To meet the needs of the growing Charleston region, the Medical University of South Carolina is trying something nontraditional: a medical center in a shopping mall.
Dr. Patrick Cawley, CEO of MUSC Health, said the hospital had been looking at building a facility in West Ashley for several years. About a year ago, the opportunity arose for MUSC to move into the former J.C. Penney location at Citadel Mall. The hospital signed the lease in October.
“No. 1, it’s a great location,” Cawley said. “No. 2, it’s got great parking. No. 3, it’s going to be right there in the middle of the revitalization of West Ashley, so we thought it would be a great place to be in the middle of.”
Moving into the mall is also less expensive than building a facility, Cawley said. Monthly rent for the space is $168,192, for a total of approximately $37.5 million during the 15-year lease.
Ginger Davis, a sales associate at Trademark Properties Inc., said Trademark bought the J.C. Penney property in August with the intention of converting it to a medical facility.
“There is an international trend beginning to emerge that successfully creates synergy between medical and retail,” she said. “This project will be a catalyst for the long-term vision of the property becoming a mixed-use destination.”
The first floor of the 126,000-square-foot outpatient facility will be used for surgery and procedures, radiology and therapy; a second floor will hold physician offices and examination rooms.
“We’re planning on putting what I would call a normal health care space in there,” Cawley said. “So ... for all intents and purposes, (these) would look like normal physician offices where a physician sees a patient, they’ll look like normal operating rooms, a normal radiology space, etc.”
According to the lease, Trademark Properties and MUSC are splitting the $32.9 million cost of renovating the space. Cawley said the hospital is currently working with architects to design the new space, and he projects the facility will be open in 18 to 24 months.
Cawley said the MUSC center at Citadel Mall is part of a larger trend across the health care industry toward more ambulatory and outpatient procedures and facilities.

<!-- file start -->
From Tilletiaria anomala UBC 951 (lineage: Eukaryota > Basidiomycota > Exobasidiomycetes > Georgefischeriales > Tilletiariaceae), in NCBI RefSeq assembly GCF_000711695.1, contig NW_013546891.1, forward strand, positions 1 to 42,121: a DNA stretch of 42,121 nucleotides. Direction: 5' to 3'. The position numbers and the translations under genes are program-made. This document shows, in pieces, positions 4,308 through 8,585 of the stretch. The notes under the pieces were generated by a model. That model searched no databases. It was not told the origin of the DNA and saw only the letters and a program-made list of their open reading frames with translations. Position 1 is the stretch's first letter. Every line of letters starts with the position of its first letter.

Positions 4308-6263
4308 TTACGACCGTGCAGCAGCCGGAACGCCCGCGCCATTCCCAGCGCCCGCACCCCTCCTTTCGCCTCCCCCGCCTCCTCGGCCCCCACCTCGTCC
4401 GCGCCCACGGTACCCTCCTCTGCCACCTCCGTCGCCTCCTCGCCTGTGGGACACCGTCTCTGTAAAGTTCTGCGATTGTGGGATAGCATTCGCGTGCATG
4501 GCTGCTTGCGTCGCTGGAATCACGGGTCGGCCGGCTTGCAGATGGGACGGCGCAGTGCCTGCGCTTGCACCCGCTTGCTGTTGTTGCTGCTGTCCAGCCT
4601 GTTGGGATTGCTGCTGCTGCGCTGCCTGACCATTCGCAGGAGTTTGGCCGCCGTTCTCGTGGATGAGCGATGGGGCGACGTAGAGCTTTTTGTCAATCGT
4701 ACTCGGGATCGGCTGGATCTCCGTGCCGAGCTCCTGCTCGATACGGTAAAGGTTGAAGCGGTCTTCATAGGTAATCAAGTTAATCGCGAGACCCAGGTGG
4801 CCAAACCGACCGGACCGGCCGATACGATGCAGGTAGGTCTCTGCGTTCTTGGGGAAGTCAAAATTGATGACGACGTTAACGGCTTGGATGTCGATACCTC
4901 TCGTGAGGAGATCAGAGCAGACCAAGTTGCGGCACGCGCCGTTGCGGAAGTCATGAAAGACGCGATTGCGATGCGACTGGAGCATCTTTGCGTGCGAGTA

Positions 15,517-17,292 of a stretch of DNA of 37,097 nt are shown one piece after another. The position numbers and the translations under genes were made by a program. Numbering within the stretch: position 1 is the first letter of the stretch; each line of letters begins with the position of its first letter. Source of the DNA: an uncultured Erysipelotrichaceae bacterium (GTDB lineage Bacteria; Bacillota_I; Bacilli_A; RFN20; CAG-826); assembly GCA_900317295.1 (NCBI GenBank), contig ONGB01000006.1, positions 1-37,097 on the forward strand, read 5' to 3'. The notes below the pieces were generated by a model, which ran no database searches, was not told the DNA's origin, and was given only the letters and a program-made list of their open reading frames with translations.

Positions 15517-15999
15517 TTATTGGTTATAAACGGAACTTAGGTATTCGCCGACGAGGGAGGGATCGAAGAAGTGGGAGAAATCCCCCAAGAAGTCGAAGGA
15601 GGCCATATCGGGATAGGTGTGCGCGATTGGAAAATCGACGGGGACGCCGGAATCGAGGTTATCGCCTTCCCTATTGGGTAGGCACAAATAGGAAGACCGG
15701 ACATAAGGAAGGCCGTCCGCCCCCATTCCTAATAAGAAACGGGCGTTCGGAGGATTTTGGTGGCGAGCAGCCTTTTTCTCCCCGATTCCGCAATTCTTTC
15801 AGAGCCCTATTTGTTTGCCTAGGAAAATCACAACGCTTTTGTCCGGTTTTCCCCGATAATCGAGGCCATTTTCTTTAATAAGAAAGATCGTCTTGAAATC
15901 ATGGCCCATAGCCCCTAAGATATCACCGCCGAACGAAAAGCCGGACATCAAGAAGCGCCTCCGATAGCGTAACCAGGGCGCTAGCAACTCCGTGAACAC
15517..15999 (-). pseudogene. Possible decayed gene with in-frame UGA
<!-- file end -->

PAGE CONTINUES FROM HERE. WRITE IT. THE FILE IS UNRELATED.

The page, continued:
“It’s great to have the space and it’s great to be at the Citadel Mall, but across all of health care, we can do more and more things ... in the outpatient or ambulatory environment,” Cawley said. “It used to be many things you would have done you could only have done inside the hospital, but technology has changed.”
He said the MUSC board of trustees laid out a strategy about four years ago to transition away from having most of its locations downtown, instead moving closer to where patients live. The hospital is opening similar facilities on Coleman Boulevard in Mount Pleasant; near the Nexton development in Summerville; and at the corner of Mall Drive and Rivers Avenue in North Charleston.
MUSC is also looking at building a new, 128-bed hospital in Summerville to complement the hospital on Ashley Avenue in Charleston. Cawley said the downtown Charleston hospital is usually about 90% full, which he said is “just way too tight,” especially with the number of patients waiting to get into MUSC Health for care.
“We looked at building additional beds, and then as we started to look at it more, we thought we would be better able to take care of our population if we had a hospital capability not on the peninsula,” Cawley said. “So we started looking at what’s the best place, and the Summerville area we felt would be the best place given all the people living out there now.”
The MUSC board of trustees voted last month to apply for a certificate of need with the S.C. Department of Health and Environmental Control. Cawley said the approval process for that will take the next four to five months.
The estimated cost of the new hospital is $325 million. In December, the Board of Trustees authorized MUSC Health to seek approval from the State Fiscal Accountability Authority to borrow up to $10 million to acquire the land.
“By adding another hospital to the MUSC Health system, we will establish a natural, complementary component to our ... hospital facility on the peninsula, where we care for the sickest patients and provide the most intensive care,” MUSC President Dr. David Cole said in a statement.
Currently, the only hospital in Summerville is Summerville Medical Center, a 94-bed hospital run by Trident Health System. Todd Gallati, president and CEO of Trident, said in a statement that since MUSC’s decision was made “with virtually no input from the community or health care leaders,” it’s difficult for anyone to know exact details about MUSC’s new hospital since the decision was made, including how MUSC intends to pay for the facility.
“One has to ask if this proposal would take tax dollars needed for roads, schools, police and other essential services for our growing community” since MUSC receives money from the state legislature, Gallati said.
Cawley said he’s heard the criticisms, but he thinks MUSC has a good argument for needing a new hospital.
“We’re hearing all the time that people are happy to hear that MUSC is coming closer to where people live,” he said. “So we feel pretty good about it. We’re full, we need to add more capacity, and we need to do something anyway.”